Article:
Over the last weeks I’ve been completely overfed with great freeride sessions. Don’t get me wrong, I can’t really complain; I love the feeling of ungravity while drifting in powder, but the mountains in winter offer other amazing experiences that I was starting to miss, especially climbing on Ice and ski touring on the big mountains. However, the Val d’Aran decided to throw us again a meter of snow in two days and a half rising the avalanche risk to 4. Of course. I called my friend Carlos, who lives in Sabiñanigo and knows pretty well the mountains of the Tena valley.
Well, not only of Tena, but pretty much he’s been in every committed alpine and rock climbing route of the peninsula…Anyway, he convinced me to head over there for two days of activity.
The Tena valley, is one of the widest valleys in the Pyrenees and gives access to some of its most emblematic mountains. It is one of the valleys with the longest classical alpinism history of this country, but it does not only offer classical routes, as well it is a high end “alpinism laboratory” for futuristic routes.
Even though I learned to ski on those mountains and I even competed in the local ski club, it had been a really long time since I wasn’t around.
I have to admit that it was hard for me to leave behind my beloved Aran, especially with this view. It’s true that I could have gotten a few more powder gluttony days, but with a four risk level, conditions were not good for the high mountain. Meanwhile, over Tena, the mountains were stable, with 30cm of fresh snow, temperatures at -15º and a big sun in the ski.
Time to hit the road. We didn’t really had a settled menu on mind, but we were hoping of doing a day of ice climbing and another day of ski mountaineering.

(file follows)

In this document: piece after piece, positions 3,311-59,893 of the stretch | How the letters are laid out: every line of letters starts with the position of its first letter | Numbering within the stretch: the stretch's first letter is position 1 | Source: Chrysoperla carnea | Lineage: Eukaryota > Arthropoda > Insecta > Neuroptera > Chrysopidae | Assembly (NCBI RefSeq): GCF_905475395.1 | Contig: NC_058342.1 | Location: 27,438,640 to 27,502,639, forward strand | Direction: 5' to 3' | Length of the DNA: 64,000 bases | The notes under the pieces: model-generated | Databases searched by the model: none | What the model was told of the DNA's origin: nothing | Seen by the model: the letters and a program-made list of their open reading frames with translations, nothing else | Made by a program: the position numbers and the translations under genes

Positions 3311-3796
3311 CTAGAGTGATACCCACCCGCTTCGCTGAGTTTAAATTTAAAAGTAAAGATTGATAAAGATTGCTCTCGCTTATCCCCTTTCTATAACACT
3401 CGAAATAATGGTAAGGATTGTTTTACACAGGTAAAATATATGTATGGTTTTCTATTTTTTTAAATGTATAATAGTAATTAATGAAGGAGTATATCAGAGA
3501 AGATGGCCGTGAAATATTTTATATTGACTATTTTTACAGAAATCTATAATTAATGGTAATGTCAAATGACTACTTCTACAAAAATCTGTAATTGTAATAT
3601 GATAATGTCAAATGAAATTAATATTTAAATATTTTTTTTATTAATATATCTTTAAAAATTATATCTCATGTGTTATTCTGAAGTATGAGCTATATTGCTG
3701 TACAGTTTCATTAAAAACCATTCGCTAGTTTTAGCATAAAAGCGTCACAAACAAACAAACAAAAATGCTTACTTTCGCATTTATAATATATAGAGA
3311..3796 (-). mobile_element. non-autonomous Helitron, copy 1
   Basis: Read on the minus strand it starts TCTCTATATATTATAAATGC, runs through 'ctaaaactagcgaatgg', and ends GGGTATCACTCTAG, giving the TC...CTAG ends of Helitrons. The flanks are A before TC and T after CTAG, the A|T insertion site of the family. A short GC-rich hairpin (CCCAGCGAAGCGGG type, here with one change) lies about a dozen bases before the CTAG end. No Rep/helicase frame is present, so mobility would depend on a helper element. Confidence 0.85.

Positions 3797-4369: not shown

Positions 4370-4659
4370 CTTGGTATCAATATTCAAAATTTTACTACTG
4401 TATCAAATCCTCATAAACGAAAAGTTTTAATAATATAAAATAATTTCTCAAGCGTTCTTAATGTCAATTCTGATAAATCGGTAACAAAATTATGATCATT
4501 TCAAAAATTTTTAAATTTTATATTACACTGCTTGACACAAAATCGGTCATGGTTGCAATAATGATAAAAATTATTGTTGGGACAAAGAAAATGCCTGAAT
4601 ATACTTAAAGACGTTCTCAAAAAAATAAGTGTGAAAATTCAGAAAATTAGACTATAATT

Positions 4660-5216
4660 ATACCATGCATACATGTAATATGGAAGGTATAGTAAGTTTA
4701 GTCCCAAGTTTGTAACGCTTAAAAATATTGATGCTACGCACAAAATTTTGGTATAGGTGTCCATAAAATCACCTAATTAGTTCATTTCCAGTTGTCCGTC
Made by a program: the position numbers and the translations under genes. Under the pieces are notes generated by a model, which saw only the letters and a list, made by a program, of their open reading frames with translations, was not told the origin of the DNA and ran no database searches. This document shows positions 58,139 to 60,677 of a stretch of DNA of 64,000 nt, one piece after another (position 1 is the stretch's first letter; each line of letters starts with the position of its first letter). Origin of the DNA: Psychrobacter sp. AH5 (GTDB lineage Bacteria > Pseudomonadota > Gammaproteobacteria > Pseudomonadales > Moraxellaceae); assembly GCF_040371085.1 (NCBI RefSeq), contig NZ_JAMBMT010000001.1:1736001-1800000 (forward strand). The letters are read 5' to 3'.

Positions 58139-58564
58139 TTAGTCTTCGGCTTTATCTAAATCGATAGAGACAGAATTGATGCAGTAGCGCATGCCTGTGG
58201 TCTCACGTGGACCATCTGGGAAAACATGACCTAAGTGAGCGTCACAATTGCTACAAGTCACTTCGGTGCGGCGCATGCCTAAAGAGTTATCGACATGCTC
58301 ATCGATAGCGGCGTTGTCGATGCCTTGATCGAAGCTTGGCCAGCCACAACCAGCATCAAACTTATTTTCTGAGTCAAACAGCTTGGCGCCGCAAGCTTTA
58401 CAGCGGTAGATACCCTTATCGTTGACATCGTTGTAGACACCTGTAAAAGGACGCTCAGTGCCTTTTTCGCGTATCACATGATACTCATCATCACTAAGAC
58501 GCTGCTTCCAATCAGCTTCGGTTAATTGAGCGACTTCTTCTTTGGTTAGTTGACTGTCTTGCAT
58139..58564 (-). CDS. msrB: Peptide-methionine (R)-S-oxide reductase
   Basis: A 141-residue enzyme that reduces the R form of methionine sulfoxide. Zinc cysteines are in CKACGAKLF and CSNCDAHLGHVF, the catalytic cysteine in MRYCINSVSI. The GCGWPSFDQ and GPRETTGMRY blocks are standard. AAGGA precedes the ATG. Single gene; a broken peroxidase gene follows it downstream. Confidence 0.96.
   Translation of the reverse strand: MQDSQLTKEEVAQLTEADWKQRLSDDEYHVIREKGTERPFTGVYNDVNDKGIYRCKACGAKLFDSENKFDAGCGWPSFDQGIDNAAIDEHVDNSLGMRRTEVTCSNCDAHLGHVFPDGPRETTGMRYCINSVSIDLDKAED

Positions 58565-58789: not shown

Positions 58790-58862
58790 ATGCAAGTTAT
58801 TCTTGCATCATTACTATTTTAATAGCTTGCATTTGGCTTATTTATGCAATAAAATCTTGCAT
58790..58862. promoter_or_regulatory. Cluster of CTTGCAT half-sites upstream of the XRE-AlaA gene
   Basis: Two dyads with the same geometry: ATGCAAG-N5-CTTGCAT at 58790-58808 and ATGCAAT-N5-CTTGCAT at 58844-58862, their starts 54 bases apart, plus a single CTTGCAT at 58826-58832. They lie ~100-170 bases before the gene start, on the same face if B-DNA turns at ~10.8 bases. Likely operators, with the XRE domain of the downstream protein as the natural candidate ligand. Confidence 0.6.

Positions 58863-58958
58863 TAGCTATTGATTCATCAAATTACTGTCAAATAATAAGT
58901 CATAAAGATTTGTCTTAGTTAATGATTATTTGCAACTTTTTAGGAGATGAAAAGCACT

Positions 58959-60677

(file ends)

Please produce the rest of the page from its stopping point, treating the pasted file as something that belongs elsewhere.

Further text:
I got impressed by the physiognomy and distribution of the mountains of Tena. An open valley with powerful ranges of naked mountains of limestone. Not many trees on the mid mountain, but big cliffs, defined ridge lines, wide corridors and giants around: The Anayet, Midi d’Ossau, Peña Telera, Garmo Negro, Punta Escarra, Foratata…
Thursday was going to be sunny, however we were as well going to have fifteen below zero and gale force winds, making it pretty complicated to be in the high mountain.
we woke up at six, loaded everything in the car and went for a coffee with Iban, Alberto and Eder to finish to define the plan for the day.
We ended up heading to the ice falls of Canal Roya, accesibles from the ski resort. From the col, they seemed on shape, slightly buried by the last snowfall, completely on the shadow and well exposed to the wind. The first feeling was not the best, but we still decided to go check them up. At least the view of the Anayet and the Midi D’Ossau couldn’t be any better.
During the approach, somehow Carlos managed to drop his ski to the bottom of the valley, while he was furiously shouting to the god’s, I went down to grab it. At that time he realized how I was gliding on the snow and spraying pow around, so he decided to abort the Ice climbing and take me ski touring. We did a few runs on the valley. It was extremely cold, it’s not very often that I tour uphill on the sun with two base layers, a down jacket and a shell…But with this view of the Anayet in the background, it doesn’t really matter.
Then we decided to head back towards the parking of Anayet for changing valley and try the real objective of the day: Pico Arroyeras and descend through one of it’s north couloirs. As you do most of the ascent through the Culivillas ravine, you are quite protected from the wind.